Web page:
The true value of conjoint analysis is that with only a few questions, you get an unrivaled amount of information about preferences and perceived value.
Businesses benefit from this especially when they want to create and/or capture value. Developing added-value products is necessary if you want to win new customers or retain existing ones. Conjoint analysis helps in this context by showing exactly what constitutes value from a customer’s point of view. When they want to catch added value, conjoint analyses show how price changes will impact demand for a product in the market by revealing what prices customers will accept.
Creating and capturing value is relevant for all businesses, but most of all, for those with ambitious growth goals in a dynamic environment. Why? Businesses need to adapt quickly to changing customer needs, and they may follow different strategies to this goal. They may acquire new products and services, or innovate with their own R&D capabilities. In either case, they need to know how to maximize customers’ perceived value of those assets.
On the other hand, many companies are struggling with customers who constantly bargain for lower prices, and it is helpful to know which costs could be reduced and which features could be omitted without compromising the perceived value of the brand. Pressure is exerted not only internally but also by competitors that cut prices and innovate. Understanding the options you have to respond and knowing what the impact your responses to these competitive pressures will have on market performance is critical. Conjoint analysis is popular because it addresses these issues and reduces the risk of making the wrong business decision.
It can guide the product and price strategy and provide fundamental insights into the needs and preferences of customers. The results can then be used to prioritize features or product benefits or to get a sense of customers’ price sensitivity.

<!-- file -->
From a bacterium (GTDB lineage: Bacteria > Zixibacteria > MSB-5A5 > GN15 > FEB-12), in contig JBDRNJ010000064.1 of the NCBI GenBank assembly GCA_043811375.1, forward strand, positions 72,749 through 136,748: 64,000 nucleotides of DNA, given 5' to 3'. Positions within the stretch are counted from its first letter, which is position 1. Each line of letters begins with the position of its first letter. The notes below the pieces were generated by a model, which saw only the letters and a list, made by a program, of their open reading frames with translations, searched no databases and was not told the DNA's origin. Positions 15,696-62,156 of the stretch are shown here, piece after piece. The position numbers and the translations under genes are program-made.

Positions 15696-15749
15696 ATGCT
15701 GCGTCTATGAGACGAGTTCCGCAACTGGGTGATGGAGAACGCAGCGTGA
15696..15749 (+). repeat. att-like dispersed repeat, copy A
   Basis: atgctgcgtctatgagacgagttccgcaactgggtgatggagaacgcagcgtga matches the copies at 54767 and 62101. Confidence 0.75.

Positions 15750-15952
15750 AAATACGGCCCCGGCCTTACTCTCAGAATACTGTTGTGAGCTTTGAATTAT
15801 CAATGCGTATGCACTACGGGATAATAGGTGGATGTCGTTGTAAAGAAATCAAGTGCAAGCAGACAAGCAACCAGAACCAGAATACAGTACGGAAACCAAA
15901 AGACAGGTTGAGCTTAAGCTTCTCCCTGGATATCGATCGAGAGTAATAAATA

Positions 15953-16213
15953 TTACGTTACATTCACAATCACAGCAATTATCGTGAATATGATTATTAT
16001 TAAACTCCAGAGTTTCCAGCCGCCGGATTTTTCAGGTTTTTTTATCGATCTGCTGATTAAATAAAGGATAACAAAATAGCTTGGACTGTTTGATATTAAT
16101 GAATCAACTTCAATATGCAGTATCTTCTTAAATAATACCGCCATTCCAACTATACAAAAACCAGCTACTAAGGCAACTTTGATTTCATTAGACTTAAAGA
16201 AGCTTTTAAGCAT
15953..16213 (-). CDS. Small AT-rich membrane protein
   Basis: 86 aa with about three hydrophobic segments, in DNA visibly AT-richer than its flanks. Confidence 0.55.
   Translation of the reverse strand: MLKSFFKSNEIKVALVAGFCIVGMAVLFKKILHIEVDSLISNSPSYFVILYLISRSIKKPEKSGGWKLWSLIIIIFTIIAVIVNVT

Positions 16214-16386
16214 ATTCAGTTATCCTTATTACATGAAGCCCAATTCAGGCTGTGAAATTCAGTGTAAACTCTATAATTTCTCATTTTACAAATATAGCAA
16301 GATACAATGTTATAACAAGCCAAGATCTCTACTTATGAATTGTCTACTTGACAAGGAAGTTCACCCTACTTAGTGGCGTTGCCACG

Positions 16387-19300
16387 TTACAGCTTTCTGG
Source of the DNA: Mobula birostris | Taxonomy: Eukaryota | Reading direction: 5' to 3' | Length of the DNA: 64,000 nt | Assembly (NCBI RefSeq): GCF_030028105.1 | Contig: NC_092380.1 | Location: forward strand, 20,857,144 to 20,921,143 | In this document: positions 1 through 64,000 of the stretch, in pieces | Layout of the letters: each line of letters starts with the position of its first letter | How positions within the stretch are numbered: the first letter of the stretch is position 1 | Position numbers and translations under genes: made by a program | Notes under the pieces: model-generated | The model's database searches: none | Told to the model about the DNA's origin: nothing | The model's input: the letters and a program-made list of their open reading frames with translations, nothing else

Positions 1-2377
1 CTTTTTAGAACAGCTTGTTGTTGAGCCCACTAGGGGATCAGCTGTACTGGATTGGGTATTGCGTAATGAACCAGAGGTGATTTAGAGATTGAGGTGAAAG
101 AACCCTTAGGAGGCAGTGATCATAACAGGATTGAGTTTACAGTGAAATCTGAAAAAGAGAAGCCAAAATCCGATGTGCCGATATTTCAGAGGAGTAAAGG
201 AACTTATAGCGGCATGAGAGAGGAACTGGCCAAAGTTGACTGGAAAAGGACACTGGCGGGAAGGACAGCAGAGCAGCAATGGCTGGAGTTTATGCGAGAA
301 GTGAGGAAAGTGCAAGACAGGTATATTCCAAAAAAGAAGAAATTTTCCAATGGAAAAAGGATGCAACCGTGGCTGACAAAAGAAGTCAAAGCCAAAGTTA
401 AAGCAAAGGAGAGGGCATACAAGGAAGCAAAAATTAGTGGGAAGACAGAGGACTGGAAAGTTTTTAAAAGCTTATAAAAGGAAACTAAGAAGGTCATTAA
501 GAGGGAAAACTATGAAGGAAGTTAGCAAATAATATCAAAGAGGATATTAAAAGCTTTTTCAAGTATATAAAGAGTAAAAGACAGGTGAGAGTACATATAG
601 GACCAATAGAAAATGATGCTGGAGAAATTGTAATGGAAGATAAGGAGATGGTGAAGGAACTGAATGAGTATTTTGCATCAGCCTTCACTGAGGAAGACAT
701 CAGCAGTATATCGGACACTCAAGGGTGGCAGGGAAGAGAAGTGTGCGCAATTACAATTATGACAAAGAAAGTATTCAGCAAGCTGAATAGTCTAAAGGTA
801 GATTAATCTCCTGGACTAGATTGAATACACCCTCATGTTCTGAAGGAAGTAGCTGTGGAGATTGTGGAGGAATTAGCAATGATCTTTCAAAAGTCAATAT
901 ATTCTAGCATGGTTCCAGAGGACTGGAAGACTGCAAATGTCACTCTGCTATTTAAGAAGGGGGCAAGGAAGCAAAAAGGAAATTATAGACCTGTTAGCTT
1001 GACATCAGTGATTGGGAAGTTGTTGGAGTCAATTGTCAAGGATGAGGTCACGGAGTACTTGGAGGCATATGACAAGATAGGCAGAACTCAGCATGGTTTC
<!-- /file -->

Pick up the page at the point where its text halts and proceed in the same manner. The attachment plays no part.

Conjoint analysis can give you the data and the customer insights to allow you to plan for profitable growth. It allows data to be turned into informed opinion about the way forward in pricing and innovation management. That can concern the management of prices and innovation, how to transition efficiently into the next product development stage, and how to involve and guide internal stakeholders and external partners.
For many decision makers, all of these insights will be a huge help in staying competitive in the market.
Read our other article in the GLG Applied Value-Based Pricing Research Series:
Getting Value-Based Pricing Right Is Difficult, But Worth It
Bernd Grosserohde leads GLG’s offer for new product development and pricing research. His focus is on building company and brand value through innovation and optimization. With over 20 years of marketing research experience, Bernd has worked with many global companies on building stronger, more profitable products. Before joining GLG, Bernd was Global Head of Pricing and Portfolio Management at Kantar.